Just after Star Wars¸ there was this cynical attitude going around that anyone could have made the movie. Starcrash was one such attempt, and they succeeded! You know, minus the epic themes, lovable characters, coherent plot and Harrison Ford. They did, however, have David Hasselhoff.
Tagline: The ultimate inter-galactic adventure
More Accurate Tagline: A long time ago in a galaxy free of litigation…
Guilty Party: Starcrash feels like a cheap Italian knock-off, despite the fact that it’s actually a cheap French knock-off. Co-writer and director Luigi Cozzi provides the right combination of chintziness and the blissful ignorance of the same that gives the movie its overall feel of stonefaced camp. This film was made just after Star Wars when a great many people didn’t understand what made Star Wars such a good movie. They thought that it was weird aliens and spaceships and incomprehensible powers, when the truth was that Star Wars worked, if anything, despite all that. So that’s what we got, with Cozzi making this, perhaps the closest adaptation of Star Wars possible while still failing to actually capture any of the magic.
Synopsis: We open on a spaceship flying through what sounds like a windstorm in space. There’s some badly dubbed dialogue about how they’re hunting for a phantom planet in the Haunted Stars, which is the home of the evil Count Zarth Arn. It starts feeling a bit like a science fiction episode of Scooby-Doo. The stars aren’t actually haunted! Count Zarth Arn was just wearing the Ghost Diving Bell Diver Costume to frighten people away! Or something. Anyway, the ship gets ambushed by the inside of a lava lamp, and explodes, but not before three escape pods (called, bafflingly enough, launches) get away.
Because this is a Star Wars rip off, we get a crawl. Problem is, it’s in French and there’s no subtitles on my DVD. Okay, so that’s a problem in the same the way that not being able to drink a whole gallon of bleach is a problem.
Anyway, we cut to a high-speed space pursuit, through, of course, another windstorm. The people being chased happen to be hot chick Stella Star (Caroline Monro) and smug asshole Akton (Marjoe Gortner), a pair of smugglers. The cops pursuing them consist of bald muscle-man Thor and hillbilly robot Elle. Stella and Akton momentarily shake their pursuers with a trip through hyperspace, happening upon a chunk of the starship from the beginning. They find a single survivor, who Akton diagnoses as suffering exhaustion and dehydration, which was Lindsay Lohan’s excuse for Georgia Rule. The survivor is from the Imperial Navy, but before the heroes can decide what to do with him, the cops show up and arrest them.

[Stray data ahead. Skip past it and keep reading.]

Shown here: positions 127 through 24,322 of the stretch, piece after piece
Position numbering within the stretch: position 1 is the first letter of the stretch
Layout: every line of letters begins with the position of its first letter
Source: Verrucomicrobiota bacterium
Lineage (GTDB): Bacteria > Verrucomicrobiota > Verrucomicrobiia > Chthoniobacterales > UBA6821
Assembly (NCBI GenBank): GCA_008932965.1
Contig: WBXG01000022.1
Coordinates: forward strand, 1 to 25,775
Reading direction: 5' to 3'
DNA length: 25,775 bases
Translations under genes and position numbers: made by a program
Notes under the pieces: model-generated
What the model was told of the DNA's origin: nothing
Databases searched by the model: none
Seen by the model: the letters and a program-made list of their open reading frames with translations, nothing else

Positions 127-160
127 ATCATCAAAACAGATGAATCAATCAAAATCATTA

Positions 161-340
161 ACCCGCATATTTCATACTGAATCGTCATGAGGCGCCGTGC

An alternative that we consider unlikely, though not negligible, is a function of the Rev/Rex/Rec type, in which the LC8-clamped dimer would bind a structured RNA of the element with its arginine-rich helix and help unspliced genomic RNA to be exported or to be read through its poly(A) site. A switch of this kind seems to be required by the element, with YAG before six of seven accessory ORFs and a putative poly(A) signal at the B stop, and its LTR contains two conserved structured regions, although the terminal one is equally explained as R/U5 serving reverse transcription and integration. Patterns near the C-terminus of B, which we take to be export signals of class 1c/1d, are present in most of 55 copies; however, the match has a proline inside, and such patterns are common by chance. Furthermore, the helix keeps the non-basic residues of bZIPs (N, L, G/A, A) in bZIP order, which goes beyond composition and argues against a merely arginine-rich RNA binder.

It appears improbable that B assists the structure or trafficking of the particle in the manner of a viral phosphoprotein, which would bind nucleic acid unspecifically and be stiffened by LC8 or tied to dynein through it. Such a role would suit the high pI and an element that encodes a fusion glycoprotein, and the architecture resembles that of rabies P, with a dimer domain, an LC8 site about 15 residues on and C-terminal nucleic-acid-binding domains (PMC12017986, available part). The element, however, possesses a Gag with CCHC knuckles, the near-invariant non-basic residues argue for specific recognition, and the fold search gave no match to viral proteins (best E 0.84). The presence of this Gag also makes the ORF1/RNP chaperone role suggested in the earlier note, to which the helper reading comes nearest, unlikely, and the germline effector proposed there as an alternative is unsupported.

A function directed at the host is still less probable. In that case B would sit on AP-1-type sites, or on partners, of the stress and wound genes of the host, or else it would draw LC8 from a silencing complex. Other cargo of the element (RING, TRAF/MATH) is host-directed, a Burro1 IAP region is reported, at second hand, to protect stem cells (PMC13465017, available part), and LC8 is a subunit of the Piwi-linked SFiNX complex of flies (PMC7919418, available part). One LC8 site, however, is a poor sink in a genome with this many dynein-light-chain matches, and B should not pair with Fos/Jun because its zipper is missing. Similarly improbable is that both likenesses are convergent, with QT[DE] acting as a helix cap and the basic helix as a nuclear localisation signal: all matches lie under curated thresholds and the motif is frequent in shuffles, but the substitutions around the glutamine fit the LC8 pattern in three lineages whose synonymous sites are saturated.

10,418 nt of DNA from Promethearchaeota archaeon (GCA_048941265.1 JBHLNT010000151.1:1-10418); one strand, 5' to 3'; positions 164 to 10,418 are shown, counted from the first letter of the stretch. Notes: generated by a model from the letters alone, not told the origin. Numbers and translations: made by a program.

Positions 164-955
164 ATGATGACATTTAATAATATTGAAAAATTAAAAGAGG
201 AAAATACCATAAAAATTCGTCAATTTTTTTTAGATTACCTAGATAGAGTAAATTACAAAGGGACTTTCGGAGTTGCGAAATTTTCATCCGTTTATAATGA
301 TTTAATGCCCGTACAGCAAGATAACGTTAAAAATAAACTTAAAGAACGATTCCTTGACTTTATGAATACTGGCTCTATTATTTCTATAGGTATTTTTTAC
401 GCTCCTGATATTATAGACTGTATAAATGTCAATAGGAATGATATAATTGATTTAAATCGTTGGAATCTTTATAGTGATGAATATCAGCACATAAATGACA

A weird head-tentacle thing sentences Akton and Stella to hard labor on different planets. For some reason, Stella is now wearing fetish gear. Actually, fuck it. Who cares why she’s wearing it? Because, man. She is WEARING it.
Stella whines that she’s already been incarcerated for twelve hours and she’s done. So she engineers an escape, getting a couple folks killed. Stella runs, but then miraculously a ship lands in front of her, apparently ready to pick her up. It would seem like a plot hole if not for the bondage costume. I feel like I’m over selling it, but I’d totally land in front of her too. Was that inappropriate?
Turns out it’s the cops, who were on the way to let her out. She got those people killed for nothing, but that’s never mentioned and no one seems too broken up about it. Maybe they were child molesters or something. After picking up Akton, they all go meet the Emperor (Christopher Plummer) who has a mission for them. Count Zarth Arn (Joe Spinell) is building a super-weapon on some planet in the haunted stars. The Emperor sends Akton, Stella and the cops to find the weapon as well as the commander of the lava lamped ship, the Emperor’s son.
At this point, the movie decides that it’s not quite insane enough, so Akton suddenly develops energy manipulation powers that he uses to put together a powerpoint demonstration. The three escape pods, or launches as the film insists on calling them, are on three different worlds, so the heroes go to each in turn.
The first is populated entirely by Amazons, which basically means European models in fetish gear. Yes. This is as awesome as it sounds. No weapon, no crown prince.
The second is an ice world. While Stella and Elle wander around through an icy wasteland, Thor betrays Akton and is killed because Akton suddenly remembers he has superpowers, including the ability to see the future. Still no weapon or prince.